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You can train power doing weight exercises slowly. But for explosive movement, it is not the best. For explosive power, you should perform exercises explosively, not slowly. And you can't do an explosive movement with weight about 90% 1RM.

But it is not only about speed. Power = force * velocity, so you should train your brute force too. So you can alternate training for brute force ( >90% of 1RM) with training for speed ( <30% of 1RM). You will benefit from both.

Sources:

https://courses.lumenlearning.com/boundless-ap/chapter/control-of-muscle-tension/

https://www.acefitness.org/education-and-resources/professional/expert-articles/5714/muscle-fiber-types-fast-twitch-vs-slow-twitch/

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The force velocity curve is the answer: https://www.youtube.com/watch?v=WlHjg8tHfzU

So for max power: 30-80% of 1 rep max.

If you want to be strong in one segment of the force velocity curve; you need to train in that segment, or as Frank put it: if you want to be explosive you need to train explosively.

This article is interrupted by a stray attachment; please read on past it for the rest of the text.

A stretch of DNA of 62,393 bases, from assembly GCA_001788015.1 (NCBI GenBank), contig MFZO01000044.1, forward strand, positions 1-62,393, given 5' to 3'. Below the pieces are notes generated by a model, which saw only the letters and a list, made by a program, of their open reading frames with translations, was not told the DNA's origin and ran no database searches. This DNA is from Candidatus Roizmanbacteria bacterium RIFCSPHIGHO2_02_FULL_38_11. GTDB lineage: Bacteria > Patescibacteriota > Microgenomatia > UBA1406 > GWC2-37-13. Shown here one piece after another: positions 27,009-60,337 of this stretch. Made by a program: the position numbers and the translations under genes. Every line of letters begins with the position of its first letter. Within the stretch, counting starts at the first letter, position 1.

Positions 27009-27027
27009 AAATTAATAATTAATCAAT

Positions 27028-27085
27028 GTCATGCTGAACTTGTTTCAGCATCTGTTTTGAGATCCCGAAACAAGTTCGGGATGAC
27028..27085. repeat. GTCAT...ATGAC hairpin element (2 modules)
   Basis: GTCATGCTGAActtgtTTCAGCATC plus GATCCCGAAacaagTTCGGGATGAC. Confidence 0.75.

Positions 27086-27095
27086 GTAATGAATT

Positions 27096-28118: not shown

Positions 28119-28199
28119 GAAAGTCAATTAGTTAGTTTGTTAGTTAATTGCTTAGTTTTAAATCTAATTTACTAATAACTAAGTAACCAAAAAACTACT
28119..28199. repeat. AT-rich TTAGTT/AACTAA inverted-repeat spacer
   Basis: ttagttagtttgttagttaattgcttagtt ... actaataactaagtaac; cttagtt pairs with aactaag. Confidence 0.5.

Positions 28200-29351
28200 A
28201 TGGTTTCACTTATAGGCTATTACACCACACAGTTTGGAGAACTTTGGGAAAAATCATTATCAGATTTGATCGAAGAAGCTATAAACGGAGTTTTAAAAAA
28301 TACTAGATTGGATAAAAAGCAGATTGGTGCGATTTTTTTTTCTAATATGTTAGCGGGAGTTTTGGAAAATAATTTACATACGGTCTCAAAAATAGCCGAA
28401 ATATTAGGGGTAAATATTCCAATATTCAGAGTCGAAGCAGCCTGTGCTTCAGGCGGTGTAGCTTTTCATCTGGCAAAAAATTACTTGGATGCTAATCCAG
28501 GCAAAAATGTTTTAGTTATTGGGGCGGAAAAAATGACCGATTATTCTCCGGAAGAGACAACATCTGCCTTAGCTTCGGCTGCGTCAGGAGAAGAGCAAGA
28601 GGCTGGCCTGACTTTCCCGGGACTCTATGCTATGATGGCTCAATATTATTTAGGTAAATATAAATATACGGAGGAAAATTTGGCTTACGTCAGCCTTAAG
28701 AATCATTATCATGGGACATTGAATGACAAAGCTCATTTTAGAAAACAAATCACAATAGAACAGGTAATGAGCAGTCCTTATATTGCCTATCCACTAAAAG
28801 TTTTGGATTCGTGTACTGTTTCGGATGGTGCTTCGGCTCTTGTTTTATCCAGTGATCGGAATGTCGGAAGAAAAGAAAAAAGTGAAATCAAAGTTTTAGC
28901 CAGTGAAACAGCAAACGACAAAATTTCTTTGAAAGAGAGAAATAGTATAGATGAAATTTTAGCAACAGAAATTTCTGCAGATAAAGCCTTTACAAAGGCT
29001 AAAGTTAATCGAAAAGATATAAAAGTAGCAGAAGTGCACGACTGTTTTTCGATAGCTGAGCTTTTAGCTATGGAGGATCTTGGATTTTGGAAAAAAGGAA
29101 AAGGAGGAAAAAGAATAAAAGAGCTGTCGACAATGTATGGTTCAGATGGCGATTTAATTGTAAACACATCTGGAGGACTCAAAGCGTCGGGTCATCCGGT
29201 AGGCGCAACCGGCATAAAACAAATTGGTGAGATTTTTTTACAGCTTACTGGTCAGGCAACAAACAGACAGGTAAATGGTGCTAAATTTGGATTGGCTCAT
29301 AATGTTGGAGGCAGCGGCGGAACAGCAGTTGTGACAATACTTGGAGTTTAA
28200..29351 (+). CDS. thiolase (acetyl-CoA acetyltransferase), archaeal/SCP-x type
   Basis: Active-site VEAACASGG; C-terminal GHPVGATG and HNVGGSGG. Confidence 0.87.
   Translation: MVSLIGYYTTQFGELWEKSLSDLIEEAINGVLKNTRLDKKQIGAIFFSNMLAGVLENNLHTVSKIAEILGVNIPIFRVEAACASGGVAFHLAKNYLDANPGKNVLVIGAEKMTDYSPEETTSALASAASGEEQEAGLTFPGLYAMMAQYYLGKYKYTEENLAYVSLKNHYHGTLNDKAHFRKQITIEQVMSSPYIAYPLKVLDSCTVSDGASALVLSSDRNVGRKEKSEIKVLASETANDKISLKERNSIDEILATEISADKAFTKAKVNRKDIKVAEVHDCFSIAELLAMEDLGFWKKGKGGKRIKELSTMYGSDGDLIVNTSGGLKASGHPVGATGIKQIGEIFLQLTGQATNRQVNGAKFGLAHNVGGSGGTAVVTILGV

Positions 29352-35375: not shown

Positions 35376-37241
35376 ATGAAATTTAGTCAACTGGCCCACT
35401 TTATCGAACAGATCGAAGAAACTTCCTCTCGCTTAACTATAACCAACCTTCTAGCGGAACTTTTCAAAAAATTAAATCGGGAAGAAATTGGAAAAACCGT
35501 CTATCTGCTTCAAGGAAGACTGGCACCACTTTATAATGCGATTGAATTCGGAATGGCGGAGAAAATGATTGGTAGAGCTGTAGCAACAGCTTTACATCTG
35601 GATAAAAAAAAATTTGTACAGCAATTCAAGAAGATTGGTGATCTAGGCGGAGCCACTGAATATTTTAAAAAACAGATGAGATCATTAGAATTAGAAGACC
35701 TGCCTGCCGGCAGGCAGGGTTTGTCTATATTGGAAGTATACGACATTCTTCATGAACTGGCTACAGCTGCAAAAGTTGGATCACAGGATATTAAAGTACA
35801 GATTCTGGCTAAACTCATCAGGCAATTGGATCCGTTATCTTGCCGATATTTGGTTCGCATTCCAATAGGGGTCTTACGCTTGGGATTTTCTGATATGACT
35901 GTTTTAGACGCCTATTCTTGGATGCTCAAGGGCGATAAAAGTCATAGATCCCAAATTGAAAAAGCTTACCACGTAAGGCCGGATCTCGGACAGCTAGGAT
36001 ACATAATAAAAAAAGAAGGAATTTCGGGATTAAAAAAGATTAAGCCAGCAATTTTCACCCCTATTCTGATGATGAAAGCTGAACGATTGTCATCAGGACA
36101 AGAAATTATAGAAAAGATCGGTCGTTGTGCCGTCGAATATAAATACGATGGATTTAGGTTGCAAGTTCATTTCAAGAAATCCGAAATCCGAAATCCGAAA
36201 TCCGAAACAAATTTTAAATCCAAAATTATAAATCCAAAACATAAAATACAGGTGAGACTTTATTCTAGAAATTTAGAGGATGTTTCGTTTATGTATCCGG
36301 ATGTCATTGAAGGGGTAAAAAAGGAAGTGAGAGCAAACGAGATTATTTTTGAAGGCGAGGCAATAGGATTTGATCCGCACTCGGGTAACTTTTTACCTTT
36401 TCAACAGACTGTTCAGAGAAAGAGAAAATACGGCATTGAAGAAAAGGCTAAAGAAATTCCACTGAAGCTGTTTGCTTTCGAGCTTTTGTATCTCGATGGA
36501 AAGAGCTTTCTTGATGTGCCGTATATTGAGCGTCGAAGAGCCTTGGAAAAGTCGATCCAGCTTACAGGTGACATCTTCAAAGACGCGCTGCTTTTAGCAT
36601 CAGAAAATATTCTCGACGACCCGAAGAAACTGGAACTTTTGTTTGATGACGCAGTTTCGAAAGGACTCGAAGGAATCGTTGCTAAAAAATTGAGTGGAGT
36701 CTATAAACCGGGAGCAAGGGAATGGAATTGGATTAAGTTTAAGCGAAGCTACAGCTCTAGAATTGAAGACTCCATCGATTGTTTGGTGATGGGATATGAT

As a sidenote: learning about the size principle I was confused. In order for fast-twitch motor units to be recruited the force exerted must be near maximal. The force excerted during eg. table tennis is clearly nowhere near maximal, yet the movement is performed extremely fast so fast-twitch motor units must be involved. Turns out the the force must be near maximal under the current conditions. In a tabletennis strike the velocity is very high and the maximal possible force is according to the force-velocity curve very low. So even though the force exerted by a strike is very low the fast-twitch motor units are being used.

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  • 30 to 80% of 1 RM is a massive range. – C. Lange May 4 at 22:39
  • @C.Lange yeah... Yes it – user33077 May 5 at 14:56